I believe the Liberty Challenge event had beauty in it. I was affected by how the crews of one craft after another maneuvered their way along a course that has fast and dangerous currents with great motion & energy, while also showing ease as they seemed to pause or rest to avoid many other craft like tour boats and barges that were all about. I was both thrilled and composed as I looked on with excitement._P1C4607-Edit As Cooper writes about the pursuit of one ship trying to overtake another, words that have stirred people for nearly 184 years, we too are affected by how the opposites of energy & rest are so much of one another—many oars acting as one.

“We must pull for our own safety, and that of the brigantine, my men;” said the Skimmer, springing into his boat and seizing the tiller—”A quick stroke, and a strong!–here is no time for holiday feathering, or your man-of-war jerk! Give way, boys; give way, with a will, and together!”

These were sounds that had often saluted the ears of men engaged in the hazardous pursuit of his crew. The oars fell into the water at the same moment, and, quick as thought, the light bark was in the strength of the current. (Chapter XXVIII)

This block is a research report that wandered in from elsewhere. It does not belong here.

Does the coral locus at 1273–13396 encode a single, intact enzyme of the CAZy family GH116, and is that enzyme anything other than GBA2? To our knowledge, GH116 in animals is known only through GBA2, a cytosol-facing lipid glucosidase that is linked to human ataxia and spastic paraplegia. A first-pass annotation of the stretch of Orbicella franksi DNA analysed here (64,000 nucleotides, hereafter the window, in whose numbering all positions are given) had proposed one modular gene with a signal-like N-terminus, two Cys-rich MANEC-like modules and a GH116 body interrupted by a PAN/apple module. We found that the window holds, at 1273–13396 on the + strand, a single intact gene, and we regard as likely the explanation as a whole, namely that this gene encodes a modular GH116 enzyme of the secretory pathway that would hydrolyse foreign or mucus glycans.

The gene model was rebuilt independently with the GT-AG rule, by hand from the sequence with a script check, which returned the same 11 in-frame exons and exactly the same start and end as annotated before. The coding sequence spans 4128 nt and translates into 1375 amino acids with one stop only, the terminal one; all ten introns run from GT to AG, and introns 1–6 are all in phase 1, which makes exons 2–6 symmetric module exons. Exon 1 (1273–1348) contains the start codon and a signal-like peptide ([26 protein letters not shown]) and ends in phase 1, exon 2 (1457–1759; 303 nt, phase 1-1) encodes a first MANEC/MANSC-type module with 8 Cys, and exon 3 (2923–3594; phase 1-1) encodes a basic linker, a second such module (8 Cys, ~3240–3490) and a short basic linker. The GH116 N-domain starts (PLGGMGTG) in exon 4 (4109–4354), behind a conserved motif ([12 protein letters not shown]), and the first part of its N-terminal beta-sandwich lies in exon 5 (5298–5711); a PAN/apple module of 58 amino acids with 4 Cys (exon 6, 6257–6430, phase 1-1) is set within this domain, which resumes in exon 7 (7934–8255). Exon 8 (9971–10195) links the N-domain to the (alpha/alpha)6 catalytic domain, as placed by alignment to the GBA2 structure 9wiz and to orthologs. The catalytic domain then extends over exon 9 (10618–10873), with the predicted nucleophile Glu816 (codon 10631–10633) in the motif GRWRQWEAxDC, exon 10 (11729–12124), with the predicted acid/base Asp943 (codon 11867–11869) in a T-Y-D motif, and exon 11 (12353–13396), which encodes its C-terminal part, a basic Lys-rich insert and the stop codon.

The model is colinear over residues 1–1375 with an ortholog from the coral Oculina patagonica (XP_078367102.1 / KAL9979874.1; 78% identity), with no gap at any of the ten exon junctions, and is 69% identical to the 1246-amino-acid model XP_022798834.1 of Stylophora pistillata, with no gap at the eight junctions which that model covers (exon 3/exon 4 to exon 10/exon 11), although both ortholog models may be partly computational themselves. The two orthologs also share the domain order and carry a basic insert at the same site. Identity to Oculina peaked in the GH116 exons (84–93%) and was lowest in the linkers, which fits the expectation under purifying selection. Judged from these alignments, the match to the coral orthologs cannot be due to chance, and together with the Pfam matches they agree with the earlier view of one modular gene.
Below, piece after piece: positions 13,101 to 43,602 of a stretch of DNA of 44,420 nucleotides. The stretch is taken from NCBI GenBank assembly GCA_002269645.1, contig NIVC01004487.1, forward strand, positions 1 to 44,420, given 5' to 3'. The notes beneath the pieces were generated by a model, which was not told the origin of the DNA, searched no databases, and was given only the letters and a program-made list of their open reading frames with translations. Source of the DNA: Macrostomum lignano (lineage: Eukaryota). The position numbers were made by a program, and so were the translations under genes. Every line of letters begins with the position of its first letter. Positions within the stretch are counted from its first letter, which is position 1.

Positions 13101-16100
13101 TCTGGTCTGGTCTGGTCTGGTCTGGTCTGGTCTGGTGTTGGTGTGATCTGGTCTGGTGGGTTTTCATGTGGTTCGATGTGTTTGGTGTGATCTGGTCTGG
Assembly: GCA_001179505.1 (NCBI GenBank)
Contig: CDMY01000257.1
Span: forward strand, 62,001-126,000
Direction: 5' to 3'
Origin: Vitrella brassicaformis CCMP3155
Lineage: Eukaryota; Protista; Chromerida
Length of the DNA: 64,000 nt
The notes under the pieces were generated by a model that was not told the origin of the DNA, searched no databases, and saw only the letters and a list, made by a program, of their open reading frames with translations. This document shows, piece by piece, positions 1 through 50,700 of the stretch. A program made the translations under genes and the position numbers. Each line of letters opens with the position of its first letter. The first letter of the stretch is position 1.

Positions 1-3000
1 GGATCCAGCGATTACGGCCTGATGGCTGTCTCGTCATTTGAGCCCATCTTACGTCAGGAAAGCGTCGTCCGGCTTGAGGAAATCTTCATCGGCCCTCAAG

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Both the Liberty Challenge and the work of James Fenimore Cooper enabled me to see more meaning and have more feeling about the world on a beautiful summer day.

The Domino Effect—The Art

Posted in Aesthetic Realism, Art, Beauty, Exhibit, Landscape, New York, New York Landmarks, Photography, Rivers, Street Art with tags , , , , , , on May 17, 2014 by maine1nyc

It’s not often that New Yorkers get an opportunity to see the art of three international street artists right next to each other. But here in Williamsburg, Brooklyn, Hellbent, Aakash Nihalani & Rubin, were commissioned to create their art on huge sections of a protective wall. It stands outside of the renovation project of what was the historic Domino Sugar factory on the shores of the East River. While the artists embrace the abstract, they are so different in technique and form. And each helped me to see and understand something new about the meaning of art. (Click on each image to enlarge.)